Make no mistake, Qaradawi’s message is and continues to be anti-American, but his sermon “praised Muslims and Christians for standing together in Egypt’s revolution and even lauded the Coptic Christian ‘martyrs’ who once fought the Romans and Byzantines…He urged the military officers governing Egypt to deliver on their promises of turning over power to ‘a civil government’ founded on principles of pluralism, democracy and freedom. And he called on the army to immediately release all political prisoners and rid the cabinet of its dominance by officials of the old Mubarak government.” New York Times. Radical Islam knows that it can no longer sell the repressive Islamic Republic; Iran’s example ended that structure as viable, and even in Afghanistan where the resurgent Taliban is taking over, they are able to do so only with violence and threats… filling a power vacuum created by an horrifically corrupt and very unpopular American-supported regime. The Taliban aren’t “selling” their system of government to the people; they are shoving it down their throats.

The Egyptian Army is still sweating bullets, and while Bahrain and Libya are willing to apply lethal force to repress the populist uprisings, Egyptian military forces are trying to broker a new and vibrant future… well maybe a tad less vibrant if the top military leaders are able to maintain their existing economic privileges. It is a careful balancing act, but as the continued strikes and protests suggest, the people know what is going on… and they may add the Army to the list of political elements that must let go as well. Indeed, as an increasing number of soldiers identify with the populist movement, the Army may face that change from inside as well.

I’m Peter Dekom, and the lesson of our long-standing policy efforts around the world requires us to rethink supporting anyone, at any cost, simply because they are willing to adhere to our regional goals.

Saturday, February 19, 2011

Burning lives Away

Here in budget-impaired California – home to quakes, fires and resulting mudslides – an explosive forest fire is attacked from the ground and the air by every modern fire-fighting piece of equipment and trained volunteers and professionals, not only from California, but from neighboring states dedicated to mutual cooperation. News reports blister containment statistics from every medium known to man, and Californians track the devastation vs. containment battles on interactive maps that are constantly updated. As climate change has seeped and then flowed into our lives, fire season has grown longer every year. With the massive rains we have had this year, the hills are festooned with beautiful and inevitably dangerous kindling, simply awaiting the inevitable long, dry season.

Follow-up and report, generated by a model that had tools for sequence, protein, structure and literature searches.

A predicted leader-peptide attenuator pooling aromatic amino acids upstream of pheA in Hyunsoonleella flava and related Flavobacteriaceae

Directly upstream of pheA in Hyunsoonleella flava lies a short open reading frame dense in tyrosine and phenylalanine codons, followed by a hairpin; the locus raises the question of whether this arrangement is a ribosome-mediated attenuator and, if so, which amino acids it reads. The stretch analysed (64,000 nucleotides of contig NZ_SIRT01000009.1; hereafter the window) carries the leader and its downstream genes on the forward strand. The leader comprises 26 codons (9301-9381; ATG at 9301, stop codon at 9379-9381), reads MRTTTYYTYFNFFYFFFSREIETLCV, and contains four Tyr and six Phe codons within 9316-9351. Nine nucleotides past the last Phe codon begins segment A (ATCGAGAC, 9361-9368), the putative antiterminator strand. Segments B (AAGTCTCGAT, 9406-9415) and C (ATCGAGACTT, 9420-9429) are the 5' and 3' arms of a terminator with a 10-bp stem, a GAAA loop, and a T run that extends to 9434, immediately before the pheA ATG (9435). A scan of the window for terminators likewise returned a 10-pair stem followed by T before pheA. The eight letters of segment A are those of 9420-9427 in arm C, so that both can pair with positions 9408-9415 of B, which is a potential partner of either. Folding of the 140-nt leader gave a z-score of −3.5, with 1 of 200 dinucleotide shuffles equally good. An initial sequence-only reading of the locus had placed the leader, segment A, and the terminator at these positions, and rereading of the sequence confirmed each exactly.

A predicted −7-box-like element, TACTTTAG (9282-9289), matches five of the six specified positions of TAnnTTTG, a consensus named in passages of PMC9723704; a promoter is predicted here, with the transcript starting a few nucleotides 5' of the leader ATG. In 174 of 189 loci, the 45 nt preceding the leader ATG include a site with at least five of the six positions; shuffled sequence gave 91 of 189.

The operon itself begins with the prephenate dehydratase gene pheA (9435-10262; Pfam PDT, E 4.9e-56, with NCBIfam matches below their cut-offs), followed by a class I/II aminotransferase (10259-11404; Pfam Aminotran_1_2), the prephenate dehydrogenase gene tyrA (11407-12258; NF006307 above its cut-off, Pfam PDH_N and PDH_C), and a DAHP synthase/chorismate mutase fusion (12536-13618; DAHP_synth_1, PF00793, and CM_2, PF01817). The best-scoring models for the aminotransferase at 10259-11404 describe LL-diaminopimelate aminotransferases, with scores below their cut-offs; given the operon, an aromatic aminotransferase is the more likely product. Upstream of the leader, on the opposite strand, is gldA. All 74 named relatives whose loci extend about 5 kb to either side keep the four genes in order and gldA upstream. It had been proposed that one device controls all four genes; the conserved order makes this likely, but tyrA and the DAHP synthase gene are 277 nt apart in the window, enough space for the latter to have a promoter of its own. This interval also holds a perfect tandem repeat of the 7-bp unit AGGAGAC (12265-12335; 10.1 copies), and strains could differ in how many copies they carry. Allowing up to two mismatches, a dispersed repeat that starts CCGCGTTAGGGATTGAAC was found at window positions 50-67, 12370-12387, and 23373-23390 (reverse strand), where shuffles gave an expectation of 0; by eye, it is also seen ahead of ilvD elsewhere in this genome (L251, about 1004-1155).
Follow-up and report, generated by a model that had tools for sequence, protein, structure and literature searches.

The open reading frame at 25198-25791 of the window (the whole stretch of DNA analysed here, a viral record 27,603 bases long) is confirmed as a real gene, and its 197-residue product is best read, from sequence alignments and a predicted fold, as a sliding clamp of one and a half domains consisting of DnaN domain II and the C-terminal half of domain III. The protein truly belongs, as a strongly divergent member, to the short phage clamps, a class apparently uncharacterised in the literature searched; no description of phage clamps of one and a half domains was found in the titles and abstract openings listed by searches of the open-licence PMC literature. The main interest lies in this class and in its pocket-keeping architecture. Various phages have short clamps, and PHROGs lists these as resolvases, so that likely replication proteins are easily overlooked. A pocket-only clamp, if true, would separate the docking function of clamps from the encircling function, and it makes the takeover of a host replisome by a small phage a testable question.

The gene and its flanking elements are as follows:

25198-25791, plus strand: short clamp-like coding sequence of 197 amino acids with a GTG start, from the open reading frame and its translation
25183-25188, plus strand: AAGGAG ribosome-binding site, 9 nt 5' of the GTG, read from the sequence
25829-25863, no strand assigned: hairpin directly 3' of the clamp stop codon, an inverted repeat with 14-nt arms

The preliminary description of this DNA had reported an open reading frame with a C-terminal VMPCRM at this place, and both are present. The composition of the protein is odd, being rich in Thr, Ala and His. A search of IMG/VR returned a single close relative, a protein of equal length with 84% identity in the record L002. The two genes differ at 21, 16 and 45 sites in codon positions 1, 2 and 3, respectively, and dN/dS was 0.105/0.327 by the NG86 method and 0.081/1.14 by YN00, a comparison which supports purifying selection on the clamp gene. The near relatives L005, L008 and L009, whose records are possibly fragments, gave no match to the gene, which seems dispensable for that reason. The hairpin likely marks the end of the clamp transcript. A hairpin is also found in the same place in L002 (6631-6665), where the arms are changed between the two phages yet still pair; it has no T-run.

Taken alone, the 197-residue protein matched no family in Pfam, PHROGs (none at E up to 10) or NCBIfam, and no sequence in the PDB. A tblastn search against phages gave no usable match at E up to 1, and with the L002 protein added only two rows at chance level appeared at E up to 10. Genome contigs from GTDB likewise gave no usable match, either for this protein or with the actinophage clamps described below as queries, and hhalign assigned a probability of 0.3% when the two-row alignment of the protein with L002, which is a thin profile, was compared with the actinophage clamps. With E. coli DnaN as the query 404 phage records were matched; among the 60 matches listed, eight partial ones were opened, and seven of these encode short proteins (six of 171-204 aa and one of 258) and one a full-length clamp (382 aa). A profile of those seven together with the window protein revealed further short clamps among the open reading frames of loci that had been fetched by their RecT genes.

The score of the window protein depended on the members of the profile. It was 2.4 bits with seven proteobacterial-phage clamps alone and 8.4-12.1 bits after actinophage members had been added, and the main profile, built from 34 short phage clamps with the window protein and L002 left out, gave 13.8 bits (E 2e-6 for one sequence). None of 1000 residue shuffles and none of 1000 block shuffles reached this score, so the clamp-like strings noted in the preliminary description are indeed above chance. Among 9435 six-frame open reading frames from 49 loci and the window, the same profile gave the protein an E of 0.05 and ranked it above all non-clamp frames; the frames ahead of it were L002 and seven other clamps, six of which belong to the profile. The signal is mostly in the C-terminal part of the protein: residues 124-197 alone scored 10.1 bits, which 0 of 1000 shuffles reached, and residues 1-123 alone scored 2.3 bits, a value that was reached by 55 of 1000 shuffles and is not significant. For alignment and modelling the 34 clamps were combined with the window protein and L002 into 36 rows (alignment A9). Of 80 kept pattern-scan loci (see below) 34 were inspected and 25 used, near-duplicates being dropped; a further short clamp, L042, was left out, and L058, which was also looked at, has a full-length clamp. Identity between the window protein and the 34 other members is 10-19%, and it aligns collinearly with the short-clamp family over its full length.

So it is in a relatively wealthy Western society, but where fires burn across drought-stricken African plains, where grasslands and forests feed and shelter both people and wildlife, impoverished peoples watch with passive acceptance as their resources burn away. They are used to inhaling the toxic clouds of black smoke that smolder unchecked, sometimes for weeks on end… growing into unstoppable blazes. Feed grasses, livestock and farms become fuel. Species, a mass of individual feelings and fears, slowly are deprived of their habitats, face extinction in a modern and unforgiving world. There is no money for firefighters here.

For photographers, the orange sun blocked by thick clouds often form magnificent silhouettes in mid-day heat. But while fire has always been a cyclical natural phenomenon necessary for the very survival of the land, climate change has pushed “necessary and cyclical” to “never-ending drought followed by the seeming permanence of desertification.” Fire is simply an accelerant of this life-destroying climactic shift.

Daniel and Sindiso Mnisi Weeks expressed their vision in the February 15th New York Times as they honeymooned in Zambia, a gorgeous if impoverished nation in southern Africa: “Tucked in the middle of southern Africa, Zambia is burning because life south of the equator is becoming dangerously hot and dry. That is in large part because since the Second Industrial Revolution of the middle 19th century, the West has been pumping billions of tons of climate-changing carbon into the atmosphere with impunity, leaving Africa hotter and drier than at any time since our earliest ancestors found their feet and began to walk away….

“There wasn’t a fire truck or helicopter in sight…small wonder in a country where the average individual earns $850 per year and it costs nearly $100 to fill up a tank of gas. Even if Zambians could afford the trucks and choppers to fight the fires, where would they find enough water to fill the other tank?

“… When Zambia burns by fire it burns by poverty too. And one cause, at least, is shared by both. The rise in concentration of atmospheric carbon from 284 parts per million by volume (ppmv) 150 years ago to nearly 400 ppmv today is hastening drought and desertification in sub-Saharan Africa to a shocking degree. It’s a cause which cannot be addressed by improving governments or building schools or staffing clinics on the ground, desirable as those things might be. Rather, it’s a cause for which we in the industrialized West must take a large share of the blame.” In the end, Americans are unlikely to do much about this anomaly for which we are partially responsible. People and animals will starve to death. Families that were poor will sink to new depths of poverty. Species will disappear from the face of the earth. But nature is agnostic; she accepts whatever happens to the scarred surface of her planet, and if a few animals or species disappear now and again, so be it; it just is. She sends us messages, but we often don’t listen or look.